It’s devastating to think that fires can destroy millions worth of properties, cause hundreds of injuries and steal dozens of innocent lives all in one instant. It’s even more depressing to think that a conflagration could have been caused by something as foolishly simple as someone leaving a cigarette butt that caught fire. Every day, people practice mindless actions that they remain unaware of it so that they perpetuate a kind of dangerous negligence that could lead to something as treacherous as an accidental fire.
One of the common causes of workplace fires is faulty electrical wiring. Offices and workplaces are hosts to several kinds of equipment and machines that consume a great amount of electricity daily, making workplaces a hotbed of electrical fire hazards. If you’re not wary of these potential deathtraps, you might fail to take note of the common causes of electrical fire when you attempt a thorough fire safety risk assessment on your own.
Commercial establishments like a pub are fun places to have a good time at the end of the day. Almost every population centre in England will have its own pubs or taverns for people to socialise in and wind down with a drink. Even then, in such places, there’s always the danger of untoward incidents like fire occurring as a result of too much ale. This calls for a fire safety risk assessment job to better prepare your establishment, especially since the pub industry is a high-risk place for business operators.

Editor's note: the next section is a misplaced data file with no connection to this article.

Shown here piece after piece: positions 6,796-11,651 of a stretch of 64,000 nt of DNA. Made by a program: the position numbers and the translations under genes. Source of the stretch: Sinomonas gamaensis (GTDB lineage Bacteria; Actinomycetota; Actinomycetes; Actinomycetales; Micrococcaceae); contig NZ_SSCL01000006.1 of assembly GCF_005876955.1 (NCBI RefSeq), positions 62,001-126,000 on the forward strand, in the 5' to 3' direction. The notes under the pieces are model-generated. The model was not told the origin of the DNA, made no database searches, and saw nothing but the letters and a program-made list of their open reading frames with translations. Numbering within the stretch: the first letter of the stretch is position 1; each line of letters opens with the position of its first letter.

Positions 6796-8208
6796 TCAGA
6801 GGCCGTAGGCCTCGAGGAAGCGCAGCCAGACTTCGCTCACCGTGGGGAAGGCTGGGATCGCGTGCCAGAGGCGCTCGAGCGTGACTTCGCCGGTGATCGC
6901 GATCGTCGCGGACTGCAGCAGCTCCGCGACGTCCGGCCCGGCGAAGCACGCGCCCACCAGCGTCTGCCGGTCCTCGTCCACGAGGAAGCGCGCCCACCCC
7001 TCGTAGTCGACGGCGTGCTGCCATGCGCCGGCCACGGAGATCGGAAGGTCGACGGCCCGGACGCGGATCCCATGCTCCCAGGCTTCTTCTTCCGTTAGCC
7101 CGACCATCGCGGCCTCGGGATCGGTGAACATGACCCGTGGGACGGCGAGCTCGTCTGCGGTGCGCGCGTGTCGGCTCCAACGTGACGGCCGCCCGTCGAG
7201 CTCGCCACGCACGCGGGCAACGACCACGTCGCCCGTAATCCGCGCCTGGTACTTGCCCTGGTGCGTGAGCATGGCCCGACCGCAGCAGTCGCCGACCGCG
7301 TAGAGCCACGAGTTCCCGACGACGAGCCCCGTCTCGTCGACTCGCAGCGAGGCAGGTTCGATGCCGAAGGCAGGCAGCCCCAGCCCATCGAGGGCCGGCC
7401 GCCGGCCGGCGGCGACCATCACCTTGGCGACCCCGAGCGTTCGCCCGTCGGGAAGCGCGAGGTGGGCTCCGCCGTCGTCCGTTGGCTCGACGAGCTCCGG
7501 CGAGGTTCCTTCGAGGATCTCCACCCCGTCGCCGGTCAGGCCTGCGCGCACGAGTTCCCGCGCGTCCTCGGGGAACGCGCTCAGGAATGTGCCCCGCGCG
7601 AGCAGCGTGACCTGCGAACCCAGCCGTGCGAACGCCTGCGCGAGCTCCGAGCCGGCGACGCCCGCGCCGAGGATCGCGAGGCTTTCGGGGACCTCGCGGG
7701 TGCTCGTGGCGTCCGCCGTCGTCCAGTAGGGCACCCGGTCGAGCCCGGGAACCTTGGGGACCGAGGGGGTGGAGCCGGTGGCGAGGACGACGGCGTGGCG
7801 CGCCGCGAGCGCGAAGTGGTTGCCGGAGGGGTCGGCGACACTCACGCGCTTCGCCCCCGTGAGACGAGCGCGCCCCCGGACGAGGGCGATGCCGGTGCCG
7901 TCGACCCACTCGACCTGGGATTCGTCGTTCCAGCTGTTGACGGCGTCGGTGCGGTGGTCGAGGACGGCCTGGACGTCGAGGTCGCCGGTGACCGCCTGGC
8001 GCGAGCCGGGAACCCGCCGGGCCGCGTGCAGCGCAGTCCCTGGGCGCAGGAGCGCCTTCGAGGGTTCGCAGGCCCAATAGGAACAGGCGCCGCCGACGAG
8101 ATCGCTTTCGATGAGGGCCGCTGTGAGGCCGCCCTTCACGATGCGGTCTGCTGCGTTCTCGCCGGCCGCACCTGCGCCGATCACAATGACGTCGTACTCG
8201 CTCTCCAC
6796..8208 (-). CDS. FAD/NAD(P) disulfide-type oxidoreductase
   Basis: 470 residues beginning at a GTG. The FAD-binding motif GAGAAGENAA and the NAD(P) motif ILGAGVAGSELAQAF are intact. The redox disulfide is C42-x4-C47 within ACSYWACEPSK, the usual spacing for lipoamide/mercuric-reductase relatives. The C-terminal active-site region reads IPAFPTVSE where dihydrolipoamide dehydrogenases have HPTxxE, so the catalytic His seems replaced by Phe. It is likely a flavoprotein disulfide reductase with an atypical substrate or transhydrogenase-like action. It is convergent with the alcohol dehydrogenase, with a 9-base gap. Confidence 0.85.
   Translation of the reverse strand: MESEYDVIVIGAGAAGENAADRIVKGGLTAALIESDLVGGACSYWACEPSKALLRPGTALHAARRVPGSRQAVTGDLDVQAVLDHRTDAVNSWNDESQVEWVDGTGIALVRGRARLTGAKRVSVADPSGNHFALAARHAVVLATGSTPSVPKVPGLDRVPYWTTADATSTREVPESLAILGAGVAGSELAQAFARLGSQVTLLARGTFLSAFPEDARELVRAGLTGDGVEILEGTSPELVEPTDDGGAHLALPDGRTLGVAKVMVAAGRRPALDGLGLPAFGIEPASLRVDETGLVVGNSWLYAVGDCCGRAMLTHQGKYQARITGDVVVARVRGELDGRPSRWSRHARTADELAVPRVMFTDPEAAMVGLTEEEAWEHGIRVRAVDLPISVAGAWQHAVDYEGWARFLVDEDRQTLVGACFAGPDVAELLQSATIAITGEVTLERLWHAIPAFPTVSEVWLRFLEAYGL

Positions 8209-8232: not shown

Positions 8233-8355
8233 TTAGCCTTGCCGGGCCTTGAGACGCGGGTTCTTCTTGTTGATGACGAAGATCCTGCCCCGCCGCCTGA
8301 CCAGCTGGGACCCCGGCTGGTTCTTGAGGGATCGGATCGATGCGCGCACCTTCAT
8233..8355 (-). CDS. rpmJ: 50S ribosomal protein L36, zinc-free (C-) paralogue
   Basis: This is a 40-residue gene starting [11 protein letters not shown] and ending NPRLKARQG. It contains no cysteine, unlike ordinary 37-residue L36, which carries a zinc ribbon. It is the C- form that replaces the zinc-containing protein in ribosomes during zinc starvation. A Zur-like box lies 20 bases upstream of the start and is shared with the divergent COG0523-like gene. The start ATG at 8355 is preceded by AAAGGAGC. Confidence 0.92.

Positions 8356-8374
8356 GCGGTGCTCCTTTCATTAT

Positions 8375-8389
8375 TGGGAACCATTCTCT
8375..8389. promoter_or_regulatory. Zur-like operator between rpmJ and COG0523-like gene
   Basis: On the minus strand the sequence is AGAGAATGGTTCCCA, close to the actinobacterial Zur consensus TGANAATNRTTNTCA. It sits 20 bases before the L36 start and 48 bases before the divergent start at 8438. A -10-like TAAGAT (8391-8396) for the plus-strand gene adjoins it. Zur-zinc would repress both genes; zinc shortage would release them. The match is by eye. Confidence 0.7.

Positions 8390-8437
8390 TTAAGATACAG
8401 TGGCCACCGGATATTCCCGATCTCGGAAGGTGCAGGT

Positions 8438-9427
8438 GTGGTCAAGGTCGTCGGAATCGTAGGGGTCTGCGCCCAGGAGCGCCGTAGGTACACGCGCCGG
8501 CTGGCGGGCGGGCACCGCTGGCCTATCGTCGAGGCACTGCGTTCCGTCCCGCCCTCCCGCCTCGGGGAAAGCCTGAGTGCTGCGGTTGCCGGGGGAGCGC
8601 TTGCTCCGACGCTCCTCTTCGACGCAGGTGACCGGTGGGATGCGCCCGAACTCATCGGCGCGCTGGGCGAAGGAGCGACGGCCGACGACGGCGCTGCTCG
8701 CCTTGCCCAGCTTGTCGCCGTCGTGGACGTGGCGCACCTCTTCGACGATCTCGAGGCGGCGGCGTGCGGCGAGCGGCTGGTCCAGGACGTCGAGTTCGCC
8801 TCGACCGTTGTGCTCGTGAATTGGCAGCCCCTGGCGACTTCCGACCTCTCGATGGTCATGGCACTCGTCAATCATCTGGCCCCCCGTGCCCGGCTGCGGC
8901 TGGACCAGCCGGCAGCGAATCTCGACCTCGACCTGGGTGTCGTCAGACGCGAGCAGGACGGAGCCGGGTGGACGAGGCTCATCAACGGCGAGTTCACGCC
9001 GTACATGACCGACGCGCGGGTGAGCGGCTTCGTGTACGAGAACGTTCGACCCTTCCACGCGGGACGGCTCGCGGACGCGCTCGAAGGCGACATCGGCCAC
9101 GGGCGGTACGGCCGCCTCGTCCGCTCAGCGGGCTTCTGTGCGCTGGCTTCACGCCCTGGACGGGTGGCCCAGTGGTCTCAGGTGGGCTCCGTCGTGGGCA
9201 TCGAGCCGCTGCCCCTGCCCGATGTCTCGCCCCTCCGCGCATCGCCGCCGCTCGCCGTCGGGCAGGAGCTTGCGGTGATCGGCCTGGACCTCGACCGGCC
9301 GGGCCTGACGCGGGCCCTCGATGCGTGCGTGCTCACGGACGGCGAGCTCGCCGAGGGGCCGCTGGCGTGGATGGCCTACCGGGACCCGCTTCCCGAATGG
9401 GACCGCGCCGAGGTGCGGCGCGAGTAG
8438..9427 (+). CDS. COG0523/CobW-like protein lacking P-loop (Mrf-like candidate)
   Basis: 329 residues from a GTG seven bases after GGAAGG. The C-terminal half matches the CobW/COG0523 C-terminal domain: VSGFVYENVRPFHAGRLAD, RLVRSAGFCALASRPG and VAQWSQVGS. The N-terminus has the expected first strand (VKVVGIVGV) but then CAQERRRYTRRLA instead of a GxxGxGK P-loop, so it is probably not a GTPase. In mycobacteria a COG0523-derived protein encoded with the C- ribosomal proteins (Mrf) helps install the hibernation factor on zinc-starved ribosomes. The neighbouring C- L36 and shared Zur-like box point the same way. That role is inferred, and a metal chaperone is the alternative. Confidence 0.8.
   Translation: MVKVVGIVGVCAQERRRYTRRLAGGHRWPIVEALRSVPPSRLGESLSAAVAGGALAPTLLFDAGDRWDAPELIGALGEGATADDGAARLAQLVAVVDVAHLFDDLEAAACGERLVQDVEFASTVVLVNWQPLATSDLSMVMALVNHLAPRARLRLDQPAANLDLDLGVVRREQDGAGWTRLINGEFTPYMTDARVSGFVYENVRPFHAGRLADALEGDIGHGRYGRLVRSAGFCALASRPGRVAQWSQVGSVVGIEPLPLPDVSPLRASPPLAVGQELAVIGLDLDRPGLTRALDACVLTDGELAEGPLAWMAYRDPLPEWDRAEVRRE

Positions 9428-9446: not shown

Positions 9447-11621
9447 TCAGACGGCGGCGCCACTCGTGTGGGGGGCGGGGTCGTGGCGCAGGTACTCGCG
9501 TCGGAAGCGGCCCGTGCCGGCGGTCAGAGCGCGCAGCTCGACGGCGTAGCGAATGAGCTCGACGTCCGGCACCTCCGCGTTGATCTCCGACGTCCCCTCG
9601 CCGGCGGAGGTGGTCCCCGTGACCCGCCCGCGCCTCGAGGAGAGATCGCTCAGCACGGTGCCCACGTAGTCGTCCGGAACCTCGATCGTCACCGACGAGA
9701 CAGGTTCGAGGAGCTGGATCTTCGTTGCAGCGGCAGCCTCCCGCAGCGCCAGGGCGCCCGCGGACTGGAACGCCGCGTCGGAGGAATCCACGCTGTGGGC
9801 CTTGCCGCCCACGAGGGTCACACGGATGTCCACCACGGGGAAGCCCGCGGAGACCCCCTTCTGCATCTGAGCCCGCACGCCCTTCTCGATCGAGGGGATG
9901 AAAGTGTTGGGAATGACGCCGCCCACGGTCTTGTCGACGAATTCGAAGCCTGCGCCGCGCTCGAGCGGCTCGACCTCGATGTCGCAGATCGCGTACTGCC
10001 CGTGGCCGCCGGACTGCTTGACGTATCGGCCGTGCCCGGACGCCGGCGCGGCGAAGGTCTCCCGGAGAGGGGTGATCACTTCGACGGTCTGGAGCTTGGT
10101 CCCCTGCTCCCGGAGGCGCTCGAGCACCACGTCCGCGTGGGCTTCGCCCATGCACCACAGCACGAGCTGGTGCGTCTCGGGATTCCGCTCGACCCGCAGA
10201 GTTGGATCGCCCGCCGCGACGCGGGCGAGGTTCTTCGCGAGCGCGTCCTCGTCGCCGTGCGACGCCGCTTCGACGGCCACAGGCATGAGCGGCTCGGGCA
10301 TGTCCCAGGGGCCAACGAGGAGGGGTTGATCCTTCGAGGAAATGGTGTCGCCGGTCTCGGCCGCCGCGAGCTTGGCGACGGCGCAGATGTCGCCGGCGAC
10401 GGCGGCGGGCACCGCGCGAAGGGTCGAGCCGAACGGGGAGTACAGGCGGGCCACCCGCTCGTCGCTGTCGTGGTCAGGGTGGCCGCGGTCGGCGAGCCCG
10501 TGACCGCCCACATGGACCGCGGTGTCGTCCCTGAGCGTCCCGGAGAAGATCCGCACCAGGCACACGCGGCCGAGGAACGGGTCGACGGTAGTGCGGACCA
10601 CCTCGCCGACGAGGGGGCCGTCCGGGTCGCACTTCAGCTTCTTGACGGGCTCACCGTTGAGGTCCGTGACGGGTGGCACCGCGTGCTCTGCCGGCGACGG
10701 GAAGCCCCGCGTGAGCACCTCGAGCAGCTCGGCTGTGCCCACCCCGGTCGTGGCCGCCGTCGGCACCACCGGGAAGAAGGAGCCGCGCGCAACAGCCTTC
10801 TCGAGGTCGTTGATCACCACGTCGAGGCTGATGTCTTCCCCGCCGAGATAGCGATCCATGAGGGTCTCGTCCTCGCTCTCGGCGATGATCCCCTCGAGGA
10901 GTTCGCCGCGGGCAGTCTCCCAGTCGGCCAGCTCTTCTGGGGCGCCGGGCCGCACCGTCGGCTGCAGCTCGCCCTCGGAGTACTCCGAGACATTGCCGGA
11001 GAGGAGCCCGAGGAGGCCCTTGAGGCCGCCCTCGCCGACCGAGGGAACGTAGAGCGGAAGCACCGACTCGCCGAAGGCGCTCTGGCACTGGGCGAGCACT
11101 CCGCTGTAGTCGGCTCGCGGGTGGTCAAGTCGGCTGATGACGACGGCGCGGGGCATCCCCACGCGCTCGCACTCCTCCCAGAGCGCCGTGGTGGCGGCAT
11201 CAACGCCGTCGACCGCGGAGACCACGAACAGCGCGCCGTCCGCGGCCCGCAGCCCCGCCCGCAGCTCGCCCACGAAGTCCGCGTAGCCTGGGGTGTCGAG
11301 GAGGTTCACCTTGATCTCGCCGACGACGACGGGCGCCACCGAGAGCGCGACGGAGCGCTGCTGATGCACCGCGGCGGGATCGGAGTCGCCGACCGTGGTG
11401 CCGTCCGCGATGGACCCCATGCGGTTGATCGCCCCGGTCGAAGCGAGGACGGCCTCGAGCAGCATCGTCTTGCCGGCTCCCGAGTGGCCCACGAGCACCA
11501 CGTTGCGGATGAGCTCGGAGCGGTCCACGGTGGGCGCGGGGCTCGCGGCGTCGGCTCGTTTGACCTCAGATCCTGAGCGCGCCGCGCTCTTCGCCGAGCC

A pub has a number of potential sources where a fire can start. They include the kitchen stove, bottles of spirits, or even leftover stores of cooking oil. A fire risk assessor may even ask you where you store any waste paper. The electrical wiring also warrants a full evaluation and repair, especially if the electrical system hasn’t been checked in a long time.
The Regulatory Reform (Fire Safety) Order 2005 is the legislation that aims to provide fire safety in business establishments in England and Wales. A Responsible Person (RP) is appointed to be in charge of the duties included in the order. In businesses, the employer would be the designated RP and needs to ensure that his employees are given the required precautions and fire assessment needed. Continue reading